And I think that’s the key. My imagination remained narrow, except for the vivid fantasies I used to elide my body. I never said to myself, “I should try to be more expansive and experimental in how I portray women,” even though it was true. After all, I was a woman, and that meant everything I wrote was the right way to write about women — except that I wasn’t, and it wasn’t.

It’s a funny thing about trans mascs and feminism. We often spend years committing and recommitting to it. We imagined that the reason we don’t feel like women is insufficient feminism, so we do our best to read, write, live, as passionate feminists. At the same time, since that commitment is largely an attempt to suppress ourselves, it ends up warped and peculiarly inflected, shot through with resentment that has to be worked through in a different way from the resentment of cis women, or cis men, or trans women, or nonbinary people who aren’t trans mascs. Other types of people also struggle to work through their internalized misogyny. Other kinds of people may fail to write effective female characters, or feminist books. But trans mascs struggle and fail in our own special way.

I don’t think I do know what it’s like to be a woman. I could say I know what it’s like because I’ve felt responsible for people’s feelings, or know how to match a blouse to accessories. (It’s true! Quiz me anytime between now and my natural death, and I will tell you all about amethysts). To say that, though, would mostly just be an insult to women. Parallel experiences and acquired skills aren’t the same as understanding. I don’t want to valorize or pedestalize women or their understanding, either; we are all people. But, look, I’m watching my arms type this. After a year and four months on testosterone, they are muscular and detailed, rich in veins and fuzz. They have finally begun to look correct to me, the way my instincts tell me they should look. It’s impossible simultaneously to know that this is how my arms should be, and to imagine that the acquired skill of dressing in women’s clothing is the same as being a woman. Cis men who do drag must feel a bit like this. Their arms look normal to them, and they are proud of understanding amethysts.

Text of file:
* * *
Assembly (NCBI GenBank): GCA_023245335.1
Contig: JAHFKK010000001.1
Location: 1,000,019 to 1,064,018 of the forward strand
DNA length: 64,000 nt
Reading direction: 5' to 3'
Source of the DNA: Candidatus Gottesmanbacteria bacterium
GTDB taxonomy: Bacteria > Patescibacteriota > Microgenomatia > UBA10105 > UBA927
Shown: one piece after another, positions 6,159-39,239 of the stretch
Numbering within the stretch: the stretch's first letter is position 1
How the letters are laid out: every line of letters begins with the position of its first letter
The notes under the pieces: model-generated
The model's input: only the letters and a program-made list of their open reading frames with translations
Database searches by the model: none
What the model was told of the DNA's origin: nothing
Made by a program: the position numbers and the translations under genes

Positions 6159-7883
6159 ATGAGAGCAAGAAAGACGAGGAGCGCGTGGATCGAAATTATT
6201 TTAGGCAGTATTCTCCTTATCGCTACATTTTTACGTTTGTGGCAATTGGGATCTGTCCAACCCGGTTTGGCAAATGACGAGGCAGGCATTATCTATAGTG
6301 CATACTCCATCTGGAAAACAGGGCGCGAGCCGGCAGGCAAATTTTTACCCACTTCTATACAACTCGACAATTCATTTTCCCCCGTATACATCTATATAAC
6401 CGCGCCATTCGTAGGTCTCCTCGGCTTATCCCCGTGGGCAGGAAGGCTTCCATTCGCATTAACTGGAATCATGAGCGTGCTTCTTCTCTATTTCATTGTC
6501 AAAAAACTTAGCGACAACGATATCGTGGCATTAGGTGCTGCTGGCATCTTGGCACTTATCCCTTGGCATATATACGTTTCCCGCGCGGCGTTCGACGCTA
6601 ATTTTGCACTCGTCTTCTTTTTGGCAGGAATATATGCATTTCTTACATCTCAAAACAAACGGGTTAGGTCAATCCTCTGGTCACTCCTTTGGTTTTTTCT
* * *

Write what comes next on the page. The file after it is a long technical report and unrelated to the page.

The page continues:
Feminism is about self-examination. I interpreted that incorrectly until I began living openly as a man. I examined myself, but only for flaws. For failings of feminine skill, failure to display solidarity, the things that could spill out and humiliate me. I see now that the real self-examination is about humility, not humiliation. It’s about recognizing that, if you are a woman, you haven’t experienced everything that all women experience. If you are a man, you may have experienced some things that women do, but not all of them, and not in the same way. And so I rewrote some of those scenes to give my heroine more dignity, to let her respond to others’ cruelty in a more complex way, and to make it clearer where I stood: near, but not of. Like, but not the same.